1. After letting the laptop rest for 10 minutes, it works again… i can enter the BIOS as usual. I don’t know what happened. (And i still can’t boot my USB flashdrive…)

      2. No, and since it was a brand new PC with many bugs on Windows (which motivated the Xubuntu install) AND a very strange behavior on Xubuntu (which I have used and installed a lot over the years) I assumed a (original) problem on the hardware level. I simply made a claim

  2. Hi, I just bought one of these for just that purpose, run a Ubuntu distro on it. I’ve only had it a few days and I’ve noticed a bit of trouble with the USB drives becommimng unrecognized. Still running on windows.
    This one has the 2840 chip. However it does not have any side USB port, only the card slot.
    It has a USB 3 and a usb2 on the back. So I’m hoping one of those will work!.
    I’m running an external DVD on it and seems to work fine. But will it boot?
    I will follow your instructions and see how it goes.

    Do you think fedora would be too heavy on this machine?
    I’ve been playing with a couple of Ubuntu forks on my i7 Asus laptop but they all seem a little buggy one way or the other?

    Thanks for the tips

    Stuie

  3. Many thanks for this post! It was no easy to find the way to reboot from DVD properly 🙁

  4. I can boot my archlinux under UEFI SecureBoot Mode, i’m using a similar model V3-111P-P1K3.

  5. Nice guide.

    But please can you do some more things?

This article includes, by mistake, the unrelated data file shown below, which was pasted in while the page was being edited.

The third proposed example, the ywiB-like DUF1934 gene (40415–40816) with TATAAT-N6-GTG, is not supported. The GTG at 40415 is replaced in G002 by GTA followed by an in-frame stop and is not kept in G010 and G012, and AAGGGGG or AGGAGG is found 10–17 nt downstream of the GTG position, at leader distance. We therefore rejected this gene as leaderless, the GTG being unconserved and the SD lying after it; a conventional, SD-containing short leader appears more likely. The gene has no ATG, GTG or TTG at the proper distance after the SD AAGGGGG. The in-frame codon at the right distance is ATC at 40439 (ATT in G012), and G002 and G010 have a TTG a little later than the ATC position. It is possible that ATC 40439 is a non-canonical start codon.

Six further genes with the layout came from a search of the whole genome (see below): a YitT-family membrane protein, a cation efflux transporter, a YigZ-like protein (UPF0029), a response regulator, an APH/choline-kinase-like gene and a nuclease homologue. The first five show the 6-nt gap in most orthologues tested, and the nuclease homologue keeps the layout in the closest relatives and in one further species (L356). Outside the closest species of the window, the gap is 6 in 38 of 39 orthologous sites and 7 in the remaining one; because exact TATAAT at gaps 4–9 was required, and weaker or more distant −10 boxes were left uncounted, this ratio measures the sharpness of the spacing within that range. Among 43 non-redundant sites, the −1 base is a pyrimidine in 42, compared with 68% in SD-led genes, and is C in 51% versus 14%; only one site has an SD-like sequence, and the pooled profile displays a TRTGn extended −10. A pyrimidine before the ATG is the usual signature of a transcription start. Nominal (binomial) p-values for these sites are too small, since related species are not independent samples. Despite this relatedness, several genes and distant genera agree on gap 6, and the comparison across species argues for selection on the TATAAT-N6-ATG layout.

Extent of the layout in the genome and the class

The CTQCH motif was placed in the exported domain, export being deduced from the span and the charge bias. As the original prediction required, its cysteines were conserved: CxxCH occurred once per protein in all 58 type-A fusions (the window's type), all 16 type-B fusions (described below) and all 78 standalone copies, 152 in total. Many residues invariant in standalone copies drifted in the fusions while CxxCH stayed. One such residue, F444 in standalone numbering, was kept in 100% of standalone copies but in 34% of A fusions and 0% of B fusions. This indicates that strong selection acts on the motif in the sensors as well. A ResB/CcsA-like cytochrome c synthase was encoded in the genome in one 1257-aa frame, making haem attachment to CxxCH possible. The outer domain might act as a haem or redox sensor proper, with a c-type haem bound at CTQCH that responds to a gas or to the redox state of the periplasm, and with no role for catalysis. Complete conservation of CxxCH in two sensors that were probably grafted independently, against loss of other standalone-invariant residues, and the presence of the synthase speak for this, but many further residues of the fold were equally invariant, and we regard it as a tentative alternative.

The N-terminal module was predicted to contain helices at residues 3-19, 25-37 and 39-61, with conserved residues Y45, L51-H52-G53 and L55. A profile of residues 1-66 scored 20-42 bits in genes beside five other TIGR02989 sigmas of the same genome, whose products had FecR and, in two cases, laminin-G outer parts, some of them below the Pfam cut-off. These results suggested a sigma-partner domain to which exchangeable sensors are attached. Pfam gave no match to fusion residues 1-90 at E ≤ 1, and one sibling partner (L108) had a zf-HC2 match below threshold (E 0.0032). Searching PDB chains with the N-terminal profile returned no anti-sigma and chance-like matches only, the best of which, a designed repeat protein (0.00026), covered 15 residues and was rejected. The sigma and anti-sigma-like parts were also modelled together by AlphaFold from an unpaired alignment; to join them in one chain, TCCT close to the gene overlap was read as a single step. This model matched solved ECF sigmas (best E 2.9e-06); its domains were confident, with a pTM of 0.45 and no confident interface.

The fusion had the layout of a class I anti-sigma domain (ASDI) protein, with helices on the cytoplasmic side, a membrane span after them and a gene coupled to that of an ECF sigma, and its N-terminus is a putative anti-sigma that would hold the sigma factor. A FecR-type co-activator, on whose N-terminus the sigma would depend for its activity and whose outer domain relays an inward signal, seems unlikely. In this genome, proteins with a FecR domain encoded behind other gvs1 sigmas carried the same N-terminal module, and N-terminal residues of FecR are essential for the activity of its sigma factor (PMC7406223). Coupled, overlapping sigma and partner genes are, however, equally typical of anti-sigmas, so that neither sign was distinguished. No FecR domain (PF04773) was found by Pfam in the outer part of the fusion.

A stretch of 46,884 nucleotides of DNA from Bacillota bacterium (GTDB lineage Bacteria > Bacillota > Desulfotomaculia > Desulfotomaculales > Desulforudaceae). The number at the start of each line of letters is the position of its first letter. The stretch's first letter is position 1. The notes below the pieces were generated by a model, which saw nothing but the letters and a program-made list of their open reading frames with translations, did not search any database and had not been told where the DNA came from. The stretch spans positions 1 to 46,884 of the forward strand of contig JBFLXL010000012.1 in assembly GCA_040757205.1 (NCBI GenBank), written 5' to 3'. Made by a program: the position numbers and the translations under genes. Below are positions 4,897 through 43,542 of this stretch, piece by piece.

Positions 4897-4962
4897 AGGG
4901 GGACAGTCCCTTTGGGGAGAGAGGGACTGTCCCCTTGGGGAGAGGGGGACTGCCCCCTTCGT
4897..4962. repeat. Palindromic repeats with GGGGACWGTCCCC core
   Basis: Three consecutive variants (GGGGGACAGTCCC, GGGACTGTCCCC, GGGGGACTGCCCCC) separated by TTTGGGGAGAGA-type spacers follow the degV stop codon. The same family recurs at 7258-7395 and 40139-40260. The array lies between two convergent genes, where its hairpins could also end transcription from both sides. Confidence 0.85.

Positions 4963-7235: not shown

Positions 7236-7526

I want to buy same machine and put an SSD inside.
    Can you put the output of the following commands, just to see if the controller supports maximum speed for SATA3 at 6Gb/s?
    dmesg | grep -i SATA
    dmesg | grep -i AHCI

  6. Looks like you only installed as far as to see if the LIVE CD worked? You did not try this out with a FULL install did you? Where, you could test a RunCore or other FAST SSD, where the Windows OS would port to the SSD and you would not alter the Drive that you got in the unit for Demo>

    Hmm, Did you test out WiFi Drivers?

    Also – would love to see Lubuntu run on this processor as can run on less RAM and very quick (as uses less resources) vs other Ubuntu distros – due to LXDE being lighter than any other. AND if the touch screen would work with that one. AND, if there was an easy way to dual boot between Lubuntu and the Windows on the device?

  7. How long did you run Ubuntu? I’m just wondering if you experienced WiFi issues (ie. slow speed, random disconnects and connections hanging),

  8. could you possibly try elementary OS on this? one of the reasons im thinking about getting it, but if it doesnt run it well, im not sure its worth it

    1. I don’t want to sound like I’m bashing Elementary. But XFCE is better. Try Xubuntu. If you like the OSX look, just add Docky.

      1. tried it, didnt like it, its not so much the look of it, its just all in all something about Elementary feels like its been made to be usable for normal people for once, i dont have to wonder where shit is, it just kinda works and i like it, they aesthetics are great aswell though, and its pretty damn fast

  9. I am curious how you think this model compares to the Acer C720P (touchscreen Chromebook), especially in a similar re-configuration as a Linux machine?

  10. Any luck with Touchscreen drivers?

    Can you comment on battery life in Ubuntu?

    I’m really interested in a cheap touchscreen laptop that I can run Xubuntu in.

    1. Touch works out of the box. I can’t comment on battery life since I’ve only run Ubuntu from a LiveDVD for a few minutes at a time.

      1. Have you tested with multiple touch points? Does it support 2,5,10 simultaneous touches? I know it is a little nitpicky, but for my use cases I would be interested to see.